Studio shot

Studio shot




Nick Smith is a contemporary British Artist with a unique visual language.

His medium of custom colour swatches evolved after a successful 10 year career in commercial interior design following his First Class Masters Degree in Product Design from Coventry University. 

Seeking further creative fulfilment, Smith dedicated himself full time to his art.  With 5 sellout solo shows, 16 group shows and over 25 published print editions, he occupies a unique space in the contemporary art world.

Marrying digital design with fine art, Smith’s work explores the relationship between audience, image and text. After deconstructing an image, he undertakes extensive research to annotate each colour swatch with a word. Evolving from word/colour association, Smith often includes a linear narrative to subvert or support the context of each image, creating an additional layer of information in his work. It is this contextual interplay that engages the viewer with Smith’s thought provoking work, encouraging further contemplation.




PSYCOLOURGY – January 2015 Lawrence Alkin Gallery, London

Smith’s debut solo exhibition with Lawrence Alkin Gallery in Soho, London, launched his unique visual reworking of classic paintings from the 20th Century canon.  Universally known works, including David Hockney’s ‘The Bigger Splash’, Andy Warhol’s ‘Soup Cans’ and Leonardo da Vinci’s ‘Mona Lisa’ were all recast, creating original collages that interrogate ideas of depiction, digitalisation and recognition. A sell out show, with numerous successful subsequent print releases, Psycolourgy forged Smith’s path to a place among Britain’s notable contemporary artists. 

PARAMOUR – March 2016 Lawrence Alkin Gallery, London

Smith’s second solo show with Lawrence Alkin Gallery, saw the artist draw inspiration from classic romantic and erotic literature. Employing his now signature colour-chip technique, Smith infused voyeuristic, intimate, cropped pornographic and sensual nude imagery with excerpts of text taken from the likes of Shakespeare’s plays and sonnets, John Cleland’s ‘Memoirs of a woman of Pleasure’ and D. H. Lawrence’s ‘Lady Chatterly’s Lover’ . The theme of illicit love permeated through the evocative body of work, pairing literature, love and sex in his unique style.

PARLANCE – March 2017 Lawrence Alkin Gallery, London

Smith’s third show with Lawrence Alkin Gallery, explored the dialogue between print media and high culture. This body of work drew on a diverse and exciting pool of influence, pairing classic folk and fairytales, popular song lyrics, and interview material with vintage print media. Smith wanted to highjack an existing canvas, continue an existing story and add a new ending. Diverting from entirely pixellated images, Smith introduced CMYK - the universal printing technique in publications, in contrast to his signature custom colour swatches. 

Parlance presented entirely pixelated images, tondo half tones, partially deconstructed images and source magazine material, demonstrating Smith’s creative flexibility and desire for constant creative evolution. 

PRICELESS - March 2018 Lawrence Alkin Gallery, London

Smiths fourth show with Lawrence Alkin Gallery, explores the world of high end art auction results and seeks to quantify the vast sums of money paid.

PSALMS - December 2018 Nelly Duff Gallery, London

Visually Psalms is grab and go, it’s a little fast food for the soul. Glossy sweetie colours, packaged into something easily digestible, bright and recognisable – an immediate dopamine hit. Up close the text offers a little more nourishment… perhaps satiating our hunger once the words have been digested.  Smith has paired ten condiments with edited versions of ten Psalms, replacing all references to God with references to the chosen condiments. In pairing the beautifully expressive, highly emotive and somewhat familiar Biblical language of the Psalms with images of these culinary idols, aiming to inspire some discussion on what it is we worship and why.  We seem to have an almost religious affiliation to our favourite branded condiments, exalting them to idols of the culinary realm, worshiped by foodies and fussy eaters alike. Condiments cross cultural barriers, conjure comforting memories, alter things to suit our taste and easily offend if added at an inappropriate time.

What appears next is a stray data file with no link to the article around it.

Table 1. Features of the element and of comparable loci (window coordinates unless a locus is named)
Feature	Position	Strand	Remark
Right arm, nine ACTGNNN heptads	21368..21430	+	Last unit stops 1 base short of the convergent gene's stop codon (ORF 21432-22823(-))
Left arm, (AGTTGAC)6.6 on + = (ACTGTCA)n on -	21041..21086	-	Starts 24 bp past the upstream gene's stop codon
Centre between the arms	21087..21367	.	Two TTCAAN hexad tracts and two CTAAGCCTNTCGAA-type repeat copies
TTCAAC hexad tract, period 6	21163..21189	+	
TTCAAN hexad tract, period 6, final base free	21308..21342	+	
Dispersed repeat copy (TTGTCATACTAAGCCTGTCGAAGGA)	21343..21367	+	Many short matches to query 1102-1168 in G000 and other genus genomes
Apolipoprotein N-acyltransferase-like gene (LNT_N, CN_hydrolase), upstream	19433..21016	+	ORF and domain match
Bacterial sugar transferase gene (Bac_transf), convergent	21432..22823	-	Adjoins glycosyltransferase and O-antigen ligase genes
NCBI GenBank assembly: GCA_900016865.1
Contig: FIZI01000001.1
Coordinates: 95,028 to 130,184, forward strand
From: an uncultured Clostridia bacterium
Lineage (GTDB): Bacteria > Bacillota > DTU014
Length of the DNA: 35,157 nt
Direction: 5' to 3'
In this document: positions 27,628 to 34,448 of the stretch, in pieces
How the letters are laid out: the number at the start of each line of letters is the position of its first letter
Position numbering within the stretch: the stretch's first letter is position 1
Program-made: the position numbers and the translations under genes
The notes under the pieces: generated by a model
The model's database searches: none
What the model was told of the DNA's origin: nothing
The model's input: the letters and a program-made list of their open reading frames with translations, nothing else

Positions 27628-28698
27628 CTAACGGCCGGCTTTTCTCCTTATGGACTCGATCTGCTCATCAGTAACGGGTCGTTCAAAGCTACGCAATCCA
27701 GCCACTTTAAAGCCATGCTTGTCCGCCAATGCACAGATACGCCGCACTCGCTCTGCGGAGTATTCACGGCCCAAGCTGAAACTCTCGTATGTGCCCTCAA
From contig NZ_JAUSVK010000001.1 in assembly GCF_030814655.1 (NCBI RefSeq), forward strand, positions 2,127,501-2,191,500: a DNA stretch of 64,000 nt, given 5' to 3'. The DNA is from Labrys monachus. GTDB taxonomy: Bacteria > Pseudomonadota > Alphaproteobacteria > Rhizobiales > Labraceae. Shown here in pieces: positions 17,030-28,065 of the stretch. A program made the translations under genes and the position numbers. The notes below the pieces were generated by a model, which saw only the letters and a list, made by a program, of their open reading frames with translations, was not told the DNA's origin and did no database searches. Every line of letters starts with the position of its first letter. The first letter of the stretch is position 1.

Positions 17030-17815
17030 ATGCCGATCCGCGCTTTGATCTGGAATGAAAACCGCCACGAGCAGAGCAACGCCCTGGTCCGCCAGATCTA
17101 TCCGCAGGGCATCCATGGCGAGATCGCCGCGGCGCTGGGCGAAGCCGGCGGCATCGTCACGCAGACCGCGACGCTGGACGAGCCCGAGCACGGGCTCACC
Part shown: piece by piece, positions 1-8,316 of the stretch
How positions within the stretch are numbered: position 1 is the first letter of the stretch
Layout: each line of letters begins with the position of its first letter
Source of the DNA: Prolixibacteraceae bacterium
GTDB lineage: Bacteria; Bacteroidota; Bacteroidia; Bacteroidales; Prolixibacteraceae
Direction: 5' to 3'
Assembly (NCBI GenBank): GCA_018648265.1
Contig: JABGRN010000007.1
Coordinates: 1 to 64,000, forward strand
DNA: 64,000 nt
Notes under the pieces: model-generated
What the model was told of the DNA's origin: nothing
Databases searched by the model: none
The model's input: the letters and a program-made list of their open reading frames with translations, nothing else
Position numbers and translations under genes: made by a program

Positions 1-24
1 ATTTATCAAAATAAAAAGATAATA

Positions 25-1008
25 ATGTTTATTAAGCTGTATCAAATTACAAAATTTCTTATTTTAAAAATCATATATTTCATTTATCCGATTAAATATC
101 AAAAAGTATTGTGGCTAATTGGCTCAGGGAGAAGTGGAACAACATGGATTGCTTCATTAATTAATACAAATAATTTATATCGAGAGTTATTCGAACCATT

As with any complex dish there are various depths of flavour. The humour in the absurdity of the language, much like the addition of a condiment to a less than tasty meal, makes the somewhat archaic language a little more agreeable. Yet the pairings are as ridiculous when read aloud as they are profound when considered – particularly as we approach Christmas.  You don’t have to be religious to get the joke. Especially as we enter the holiday period and it’s materialist push toward consumerism.  If these pieces encourage even one of you to question what it is that you consume, perhaps we might re-evaluate our idols and what it is we deem important. At the very least, it’s a little food for thought.



MIX WINTER  November 2014 - Lawrence Alkin Gallery, London

MIX WINTER  November 2015 – Shoreditch House, London

SCOPE MIAMI  November 2015 – Miami Beach

EMERGING TO ESTABLISHED  February 2016 – Krause Gallery, New York

MIX SUMMER  August 2016 - SCOPE MIAMI – November 2015 – Miami Beach

EMERGING TO ESTABLISHED  August 2016 – Krause Gallery, New York

SCOPE MIAMI  November 2016 – Miami Beach

MIX WINTER  December 2016 -  Lawrence Alkin Gallery, London

EMERGING TO ESTABLISHED  January 2017 – Krause Gallery, New York

STREET MASTERS  June 2017 – Sothebys, New York

MIX SUMMER  August 2017 - Lawrence Alkin Gallery, London

SCOPE MIAMI December 2017- Miami Beach

SAMUEL OWEN GALLERY June 2018 - Nantucket, MT

BRITISH INVASION November 2018 - Samuel Owen Gallery , Greenwich CT

MIX WINTER - December 2018 - Rhodes Contemporary, London

SCOPE MIAMI - December 2018 - Samuel Owen Gallery